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GCPS and partners to use federal grant to address School Psychologist shortage

November 7, 2023


          Gwinnett County Public Schools (GCPS), the Paulding County School District, and Georgia State University (GSU) have teamed up to address the shortage of school psychologists, and the federal government is funding the group’s efforts. The U.S. Department of Education’s Office of Elementary and Secondary Education has awarded the trio a grant for $3.5 million. The money will be used to recruit, train, and support a diverse cohort of professionals from local communities, preparing them to enter the field of school psychology. Dr. Nicole White, GCPS’ executive director of Special Education and Psychological Services, says students need the assistance school psychologists can provide. “Mental health needs have increased in post-pandemic years, and school psychologists are specially trained in mental health supports,” Dr. White explains. “They are a great asset to our schools in meeting the increasing mental health needs of students, and this initiative aligns with our district’s strategic plan in supporting the needs of the whole child.”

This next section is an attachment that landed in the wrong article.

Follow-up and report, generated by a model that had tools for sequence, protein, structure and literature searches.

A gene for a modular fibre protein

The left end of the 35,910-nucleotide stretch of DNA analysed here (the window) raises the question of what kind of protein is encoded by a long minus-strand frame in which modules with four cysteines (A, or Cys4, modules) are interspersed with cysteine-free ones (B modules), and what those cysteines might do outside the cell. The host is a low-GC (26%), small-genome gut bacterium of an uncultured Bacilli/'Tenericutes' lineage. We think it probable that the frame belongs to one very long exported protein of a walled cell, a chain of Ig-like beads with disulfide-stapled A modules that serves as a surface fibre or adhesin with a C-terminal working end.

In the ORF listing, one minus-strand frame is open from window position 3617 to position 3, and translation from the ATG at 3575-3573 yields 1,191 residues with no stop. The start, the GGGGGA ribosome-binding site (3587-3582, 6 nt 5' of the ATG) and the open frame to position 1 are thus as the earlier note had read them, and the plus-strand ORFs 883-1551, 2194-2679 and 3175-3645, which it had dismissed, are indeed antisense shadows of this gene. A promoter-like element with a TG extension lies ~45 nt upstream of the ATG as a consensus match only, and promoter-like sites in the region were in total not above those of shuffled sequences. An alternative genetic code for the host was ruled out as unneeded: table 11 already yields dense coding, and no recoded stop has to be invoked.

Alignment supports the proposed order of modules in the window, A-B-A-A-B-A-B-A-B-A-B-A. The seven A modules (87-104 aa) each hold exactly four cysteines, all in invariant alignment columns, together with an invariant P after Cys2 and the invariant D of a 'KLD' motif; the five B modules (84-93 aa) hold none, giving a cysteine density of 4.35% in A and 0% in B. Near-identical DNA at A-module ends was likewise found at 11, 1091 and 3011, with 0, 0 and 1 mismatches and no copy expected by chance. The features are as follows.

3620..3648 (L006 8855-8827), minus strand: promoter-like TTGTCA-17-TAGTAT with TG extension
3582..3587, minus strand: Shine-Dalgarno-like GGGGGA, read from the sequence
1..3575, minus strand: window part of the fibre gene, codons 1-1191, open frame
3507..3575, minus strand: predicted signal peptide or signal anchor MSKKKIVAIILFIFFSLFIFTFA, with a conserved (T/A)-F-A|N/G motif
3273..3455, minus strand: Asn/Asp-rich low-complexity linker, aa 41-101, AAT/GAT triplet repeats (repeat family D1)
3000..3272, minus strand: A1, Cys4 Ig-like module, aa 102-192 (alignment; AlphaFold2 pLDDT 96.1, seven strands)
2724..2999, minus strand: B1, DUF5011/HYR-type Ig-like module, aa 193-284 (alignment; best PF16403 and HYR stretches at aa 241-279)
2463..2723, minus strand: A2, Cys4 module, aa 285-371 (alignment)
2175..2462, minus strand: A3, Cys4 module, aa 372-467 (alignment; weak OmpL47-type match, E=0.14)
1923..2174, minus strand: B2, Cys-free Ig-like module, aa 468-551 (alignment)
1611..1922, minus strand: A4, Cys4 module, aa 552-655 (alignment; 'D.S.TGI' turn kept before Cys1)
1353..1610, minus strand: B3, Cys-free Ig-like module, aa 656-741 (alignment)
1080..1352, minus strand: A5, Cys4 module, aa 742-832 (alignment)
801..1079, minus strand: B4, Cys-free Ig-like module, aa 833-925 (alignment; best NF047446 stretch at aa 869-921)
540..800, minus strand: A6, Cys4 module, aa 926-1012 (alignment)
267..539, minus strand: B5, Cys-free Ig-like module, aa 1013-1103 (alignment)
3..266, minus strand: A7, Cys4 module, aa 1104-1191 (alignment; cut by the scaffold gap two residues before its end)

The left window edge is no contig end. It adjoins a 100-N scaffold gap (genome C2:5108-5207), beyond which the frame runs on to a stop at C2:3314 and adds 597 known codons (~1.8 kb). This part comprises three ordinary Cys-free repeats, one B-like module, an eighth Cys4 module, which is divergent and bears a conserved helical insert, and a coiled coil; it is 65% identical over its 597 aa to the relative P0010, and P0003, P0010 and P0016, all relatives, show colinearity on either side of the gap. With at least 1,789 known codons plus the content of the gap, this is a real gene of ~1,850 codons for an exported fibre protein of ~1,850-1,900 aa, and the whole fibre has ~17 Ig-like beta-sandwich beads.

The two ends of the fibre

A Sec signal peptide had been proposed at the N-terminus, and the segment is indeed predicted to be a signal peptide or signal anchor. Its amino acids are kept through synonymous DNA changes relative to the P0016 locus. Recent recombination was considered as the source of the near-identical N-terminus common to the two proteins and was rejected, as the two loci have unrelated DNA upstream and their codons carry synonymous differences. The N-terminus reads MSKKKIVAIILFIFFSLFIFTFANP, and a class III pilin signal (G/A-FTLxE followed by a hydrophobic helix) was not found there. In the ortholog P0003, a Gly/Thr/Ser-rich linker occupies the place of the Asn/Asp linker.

This grant represents a significant step toward enhancing the quality of education and support services within GCPS, ensuring that students receive the care and assistance they need to thrive in their academic journey. GCPS’s Special Education & Psychological Services team comprises a culturally responsive group of school psychology professionals working diligently across the district’s 142 schools to address the mental health needs of the diverse student population. The team’s goal is to ensure that every member of Team GCPS – students, families, and staff – feels welcome, safe, accepted, valued, and well-prepared for the future. 

     Dr. White is excited about what the partnership and initiative will produce in the future. “We have cultivated a great partnership with GSU over the years,” she explains. “We believe this is a great opportunity to not only continue our partnership but keep us competitive when recruiting interns and, ultimately, keeping us in the employment pipeline for their graduates.”